Risk Update

AML & Allegations — Are Lawyers Kleptocrats’ “Best Friends”?

I recently discovered an amazing podcast. I love story podcasts and would listen constantly back when I had a commute, back when people worked in offices — and this one is addictively well crafted. From Foreign Policy Magazine, I Spy has it all, drama, tension, amazing historical details, and star moderator — renowned character actress Margo Mardindale.

What am I telling you this? Well, I’m not quite branching out into general media taste making. I have no instagram feed to hype, risk or otherwise. But it did lead me to a relevant story in the magazine itself: “U.S. Lawyers Are Foreign Kleptocrats’ Best Friends” —

  • “And the problem appears to be getting worse as law firms expand the scope of their work, which the case of former Ukrainian President and kleptocrat Viktor Yanukovych illustrates. In 2019, a series of DOJ filings revealed the lengths to which Gregory Craig, a senior partner at a white-shoe U.S. law firm, would go to bolster the international image of a foreign corrupt autocrat—and how many services these firms now provide.”
  • “…the senior Skadden partner, was indicted but in 2019 was found not guilty of making false statements to the Justice Department’s FARA unit about his Ukraine-related work. Skadden—which had failed to register much of its work the DOJ and whose efforts for their Ukrainian clients the new DOJ filings detail—eventually settled for $4.6 million and agreed to register retroactively as an agent of Ukraine.”
  • “What, then, can be done to encourage more responsible representation by U.S. lawyers implicated in these transnational money- and reputation-laundering schemes? We spy two needed remedies.”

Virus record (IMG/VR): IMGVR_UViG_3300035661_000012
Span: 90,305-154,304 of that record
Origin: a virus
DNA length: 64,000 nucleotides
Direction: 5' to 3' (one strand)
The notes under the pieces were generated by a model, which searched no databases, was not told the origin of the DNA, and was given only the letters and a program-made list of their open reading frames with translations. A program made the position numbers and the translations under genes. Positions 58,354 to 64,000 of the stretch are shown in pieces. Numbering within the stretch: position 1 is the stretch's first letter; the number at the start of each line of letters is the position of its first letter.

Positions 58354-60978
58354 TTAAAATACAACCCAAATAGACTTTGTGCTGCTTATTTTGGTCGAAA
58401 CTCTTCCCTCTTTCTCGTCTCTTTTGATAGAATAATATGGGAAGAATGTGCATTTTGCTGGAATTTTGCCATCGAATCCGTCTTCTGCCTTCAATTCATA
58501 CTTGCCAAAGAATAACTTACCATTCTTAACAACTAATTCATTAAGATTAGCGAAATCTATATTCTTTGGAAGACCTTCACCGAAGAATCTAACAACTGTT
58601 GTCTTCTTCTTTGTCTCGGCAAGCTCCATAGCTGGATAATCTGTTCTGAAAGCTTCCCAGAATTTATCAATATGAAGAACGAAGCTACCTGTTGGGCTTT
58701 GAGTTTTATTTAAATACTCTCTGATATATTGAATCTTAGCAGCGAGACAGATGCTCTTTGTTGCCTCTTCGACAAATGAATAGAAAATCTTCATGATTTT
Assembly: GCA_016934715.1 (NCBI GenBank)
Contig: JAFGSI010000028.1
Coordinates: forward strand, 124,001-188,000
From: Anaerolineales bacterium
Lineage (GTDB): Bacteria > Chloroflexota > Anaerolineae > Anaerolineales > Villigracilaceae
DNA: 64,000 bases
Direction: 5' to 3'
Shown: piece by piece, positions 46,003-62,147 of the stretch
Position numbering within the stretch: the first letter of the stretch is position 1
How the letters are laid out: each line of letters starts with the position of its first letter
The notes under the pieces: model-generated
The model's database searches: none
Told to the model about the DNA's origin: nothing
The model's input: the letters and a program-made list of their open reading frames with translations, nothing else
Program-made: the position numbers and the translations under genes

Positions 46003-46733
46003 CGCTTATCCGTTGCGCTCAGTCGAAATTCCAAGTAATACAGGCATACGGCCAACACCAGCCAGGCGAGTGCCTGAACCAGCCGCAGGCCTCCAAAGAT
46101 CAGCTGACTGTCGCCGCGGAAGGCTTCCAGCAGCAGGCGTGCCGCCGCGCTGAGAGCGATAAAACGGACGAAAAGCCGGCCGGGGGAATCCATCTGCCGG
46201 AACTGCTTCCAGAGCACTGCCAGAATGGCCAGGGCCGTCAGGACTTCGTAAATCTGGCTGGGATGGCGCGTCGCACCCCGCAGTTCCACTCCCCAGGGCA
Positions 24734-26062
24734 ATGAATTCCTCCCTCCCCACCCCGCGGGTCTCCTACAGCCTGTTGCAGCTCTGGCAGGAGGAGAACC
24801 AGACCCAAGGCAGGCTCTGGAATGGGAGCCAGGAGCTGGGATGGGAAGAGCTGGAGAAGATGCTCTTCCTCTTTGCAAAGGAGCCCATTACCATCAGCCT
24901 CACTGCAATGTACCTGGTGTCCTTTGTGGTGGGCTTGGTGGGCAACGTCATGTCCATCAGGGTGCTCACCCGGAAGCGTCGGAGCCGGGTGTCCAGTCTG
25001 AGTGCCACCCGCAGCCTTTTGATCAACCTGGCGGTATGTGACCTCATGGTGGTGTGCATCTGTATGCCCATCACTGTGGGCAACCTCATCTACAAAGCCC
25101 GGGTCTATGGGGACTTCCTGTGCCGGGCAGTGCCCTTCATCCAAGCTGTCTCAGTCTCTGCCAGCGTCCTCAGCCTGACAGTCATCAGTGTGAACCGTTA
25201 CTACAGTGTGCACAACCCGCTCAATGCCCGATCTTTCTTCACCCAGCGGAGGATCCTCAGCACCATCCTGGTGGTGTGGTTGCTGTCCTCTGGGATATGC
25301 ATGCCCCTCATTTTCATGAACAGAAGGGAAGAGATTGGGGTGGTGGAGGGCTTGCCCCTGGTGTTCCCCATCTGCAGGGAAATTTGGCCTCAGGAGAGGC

• “First, there needs to be far more understanding and scrutiny of the roles U.S. lawyers play in transactions on behalf of clients. A good place to start would be the implementation of the FATF recommendations mentioned above, which require both reasonable and meaningful due diligence obligations and suspicious activity filings for lawyers regarding things like bank accounts, financial transactions, or even the purchase of real estate on behalf of their clients. This can, and should, be part of a far broader effort from Washington to expand anti-money laundering requirements in the Bank Secrecy Act (recently extended to encompass virtual currency transactions and antiquities dealers as well as allow for the subpoena of foreign banks’ financial records that hold correspondent accounts with U.S. institutions) and to end, or at least limit, the two-decade-old anti-money laundering exemptions in the Patriot Act.”
  • “In addition, we should consider introducing—if not through legislation, then updated ethical guidance—demands that attorneys disclose their sources of direct and indirect compensation, in particular when clients engage with any public authorities or the media. In doing so, U.S. lawyers would hopefully begin to think twice before helping kleptocratic clients open secret bank accounts, purchase high-end real estate, or aid their clients in dodging the United States’ patchwork anti-money laundering regime.”
  • “On the reputation-laundering side, one solution is clear: In addition to beefing up FARA enforcement, the DOJ should consider ending its exemption for lawyers. FARA registration isn’t exactly strenuous, requiring little more than filing basic paperwork with the department. The DOJ should issue clear guidelines, such an exemption permits—and should illustrate a clear willingness to enforce such limitations.”

And, similar drama of the Better Call Saul variety: “Afternoon Briefs: Lawyer accused of laundering cash from undercover agent; Justice Barrett lists home for nearly $900K” —

  • “Prominent Dallas lawyer Rayshun “Ray” Jackson of the Jackson Law Firm has been charged with laundering money acquired from an undercover agent who said the money came from drug trafficking.”
  • “Jackson allegedly suggested setting up a shell corporation and a cash business like a coin laundry or car wash that would make it difficult to track proceeds, prosecutors alleged. He allegedly negotiated a 4% fee, plus a bonus.”